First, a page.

I recently wrote a post talking about how some VCs meddle in operating company decisions or some executive teams are too reliant on VCs to jump in and make hard calls for them.
Fred Wilson also wrote on a similar topic in his usual more succinct manner, with a great quote being:
“One thing I know for sure is that those who advise and invest in startups cannot and should not meddle in the day to day decision making. It’s harmful and hurtful to the startup and those that lead it. So operating at a higher level, helping to set the framework for decision making and then sitting down and watching the game be played, is certainly the way to go.”
Of course I agree with this. In practice it can be a fine line between sparring partner / coach and stepping over the line to brute-force persuasion. And you can easily err the other way of not weighing in forcefully enough. I see this in cases where sometimes board members don’t want to take on the “Pottery Barn Rule” that if you break it, you fix it. And with most difficult decisions being subjective it is also a fine line to walk.
While everybody can easily point at VCs or board members and accuse them of being meddlers, the same is actually true of many CEOs. I speak from experience. This can be even more harmful than the board meddler because the CEO is full time and also has more authority.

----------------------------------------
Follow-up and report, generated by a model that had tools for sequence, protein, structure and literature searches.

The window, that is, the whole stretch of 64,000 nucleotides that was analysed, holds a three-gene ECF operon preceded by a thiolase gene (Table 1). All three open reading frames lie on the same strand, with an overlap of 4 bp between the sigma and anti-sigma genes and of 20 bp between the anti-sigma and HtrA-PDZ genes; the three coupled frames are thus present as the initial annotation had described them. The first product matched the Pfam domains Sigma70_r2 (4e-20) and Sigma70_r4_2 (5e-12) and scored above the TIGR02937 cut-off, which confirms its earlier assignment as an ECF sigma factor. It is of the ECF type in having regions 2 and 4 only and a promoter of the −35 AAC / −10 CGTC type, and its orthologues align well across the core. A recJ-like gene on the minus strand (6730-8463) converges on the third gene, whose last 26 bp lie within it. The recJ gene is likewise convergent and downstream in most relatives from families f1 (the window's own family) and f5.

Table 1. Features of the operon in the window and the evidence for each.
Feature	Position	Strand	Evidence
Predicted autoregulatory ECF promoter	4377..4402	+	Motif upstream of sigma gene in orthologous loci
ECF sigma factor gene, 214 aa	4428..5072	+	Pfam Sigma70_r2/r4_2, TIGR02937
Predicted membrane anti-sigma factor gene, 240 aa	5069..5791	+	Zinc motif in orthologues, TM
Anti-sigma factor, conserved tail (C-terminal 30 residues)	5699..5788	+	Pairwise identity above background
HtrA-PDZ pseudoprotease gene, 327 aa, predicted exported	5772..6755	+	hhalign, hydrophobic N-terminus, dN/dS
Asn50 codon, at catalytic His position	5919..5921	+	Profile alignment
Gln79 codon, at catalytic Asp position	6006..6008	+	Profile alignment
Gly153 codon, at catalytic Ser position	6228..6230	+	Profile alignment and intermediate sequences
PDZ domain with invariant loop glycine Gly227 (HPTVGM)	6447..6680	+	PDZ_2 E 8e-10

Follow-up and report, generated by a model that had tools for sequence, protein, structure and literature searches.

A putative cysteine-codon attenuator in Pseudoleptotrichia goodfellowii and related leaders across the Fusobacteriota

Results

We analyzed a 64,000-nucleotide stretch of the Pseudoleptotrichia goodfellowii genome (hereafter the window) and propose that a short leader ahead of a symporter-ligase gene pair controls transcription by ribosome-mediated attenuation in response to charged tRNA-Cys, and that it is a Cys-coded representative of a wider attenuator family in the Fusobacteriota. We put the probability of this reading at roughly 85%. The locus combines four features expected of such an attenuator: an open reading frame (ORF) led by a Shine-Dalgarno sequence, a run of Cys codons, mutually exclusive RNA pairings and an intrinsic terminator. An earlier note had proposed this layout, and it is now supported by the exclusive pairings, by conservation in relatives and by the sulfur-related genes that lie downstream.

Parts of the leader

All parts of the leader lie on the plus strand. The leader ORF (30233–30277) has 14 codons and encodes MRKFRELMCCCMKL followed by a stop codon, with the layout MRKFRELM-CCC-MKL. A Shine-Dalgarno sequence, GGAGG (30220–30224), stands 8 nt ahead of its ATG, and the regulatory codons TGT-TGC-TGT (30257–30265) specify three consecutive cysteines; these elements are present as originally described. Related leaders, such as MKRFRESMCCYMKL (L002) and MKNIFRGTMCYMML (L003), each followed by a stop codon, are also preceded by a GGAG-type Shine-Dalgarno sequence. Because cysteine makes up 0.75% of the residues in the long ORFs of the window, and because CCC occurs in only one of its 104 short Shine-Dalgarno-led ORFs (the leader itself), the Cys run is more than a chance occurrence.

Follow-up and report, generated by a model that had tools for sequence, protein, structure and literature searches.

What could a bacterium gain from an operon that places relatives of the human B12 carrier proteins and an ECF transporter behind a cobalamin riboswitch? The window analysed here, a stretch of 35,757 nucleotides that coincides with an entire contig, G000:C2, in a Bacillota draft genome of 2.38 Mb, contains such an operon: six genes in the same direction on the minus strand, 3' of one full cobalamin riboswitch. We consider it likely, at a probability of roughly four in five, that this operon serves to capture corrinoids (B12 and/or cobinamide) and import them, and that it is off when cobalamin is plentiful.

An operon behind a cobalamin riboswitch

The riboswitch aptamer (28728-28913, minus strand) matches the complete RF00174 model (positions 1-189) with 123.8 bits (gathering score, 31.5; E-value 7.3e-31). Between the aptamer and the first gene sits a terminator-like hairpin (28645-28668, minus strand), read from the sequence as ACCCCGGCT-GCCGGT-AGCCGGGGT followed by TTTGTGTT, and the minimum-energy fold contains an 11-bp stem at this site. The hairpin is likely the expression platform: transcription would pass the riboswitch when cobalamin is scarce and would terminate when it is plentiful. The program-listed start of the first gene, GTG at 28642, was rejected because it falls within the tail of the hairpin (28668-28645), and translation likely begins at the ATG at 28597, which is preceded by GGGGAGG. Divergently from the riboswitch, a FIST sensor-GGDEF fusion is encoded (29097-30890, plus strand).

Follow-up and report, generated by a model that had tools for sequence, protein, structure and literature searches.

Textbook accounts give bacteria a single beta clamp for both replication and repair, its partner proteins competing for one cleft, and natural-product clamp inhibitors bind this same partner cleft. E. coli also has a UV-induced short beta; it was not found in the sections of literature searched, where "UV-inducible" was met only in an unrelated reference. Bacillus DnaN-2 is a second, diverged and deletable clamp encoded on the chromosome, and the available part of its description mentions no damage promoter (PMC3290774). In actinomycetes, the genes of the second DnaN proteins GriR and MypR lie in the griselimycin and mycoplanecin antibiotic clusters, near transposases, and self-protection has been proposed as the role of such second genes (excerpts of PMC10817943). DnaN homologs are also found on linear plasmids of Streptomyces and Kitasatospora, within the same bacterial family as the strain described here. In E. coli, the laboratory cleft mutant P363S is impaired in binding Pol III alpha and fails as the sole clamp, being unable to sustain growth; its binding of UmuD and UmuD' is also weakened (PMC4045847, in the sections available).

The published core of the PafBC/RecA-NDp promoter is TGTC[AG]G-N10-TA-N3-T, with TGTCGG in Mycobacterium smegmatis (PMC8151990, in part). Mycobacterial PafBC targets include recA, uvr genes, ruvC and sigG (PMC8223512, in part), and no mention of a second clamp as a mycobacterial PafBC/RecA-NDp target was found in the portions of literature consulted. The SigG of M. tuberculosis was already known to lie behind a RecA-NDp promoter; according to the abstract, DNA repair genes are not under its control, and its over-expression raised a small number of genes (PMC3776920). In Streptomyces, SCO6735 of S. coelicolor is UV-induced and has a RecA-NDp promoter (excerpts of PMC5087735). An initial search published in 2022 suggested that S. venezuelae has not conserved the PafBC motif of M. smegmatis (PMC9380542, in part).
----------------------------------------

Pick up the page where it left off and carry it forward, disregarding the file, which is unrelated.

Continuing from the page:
When you first start a company the CEO, of course, is “chief everything,” which includes sales, marketing, PR, product, HR and even office management and accounting. So it’s natural for the first year or two that the CEO dips his or her hand into nearly every activity. But as a company grows in revenue, customer base, venture capital and therefore executive teams members – things need to change. Many CEOs I know are control freaks and thus struggle with delegation.
My messages is for these types of CEOs. Beware. Meddling in the wrong ways or too often can either produce a culture where people don’t like to take actions because they know you’ll eventually just step in anyways or equally badly the company gets unfocused from the constant interventions.
Here is where I see this really play out:
Most CEOs fancy their own product skills and like to weigh in on priorities. I did this. At times I wanted the engineering team to produce features to support our sales efforts to I occasionally leaned on them a bit. Eventually I had a head of Product Management – the best I ever worked with named Tim Barker – politely say to me that this wouldn’t fly any more.
Tim had a great solution. He said that product management would run like “asset allocation” in which we would allocate a certain % of dev to different purposes each quarter and once set they couldn’t be changed. …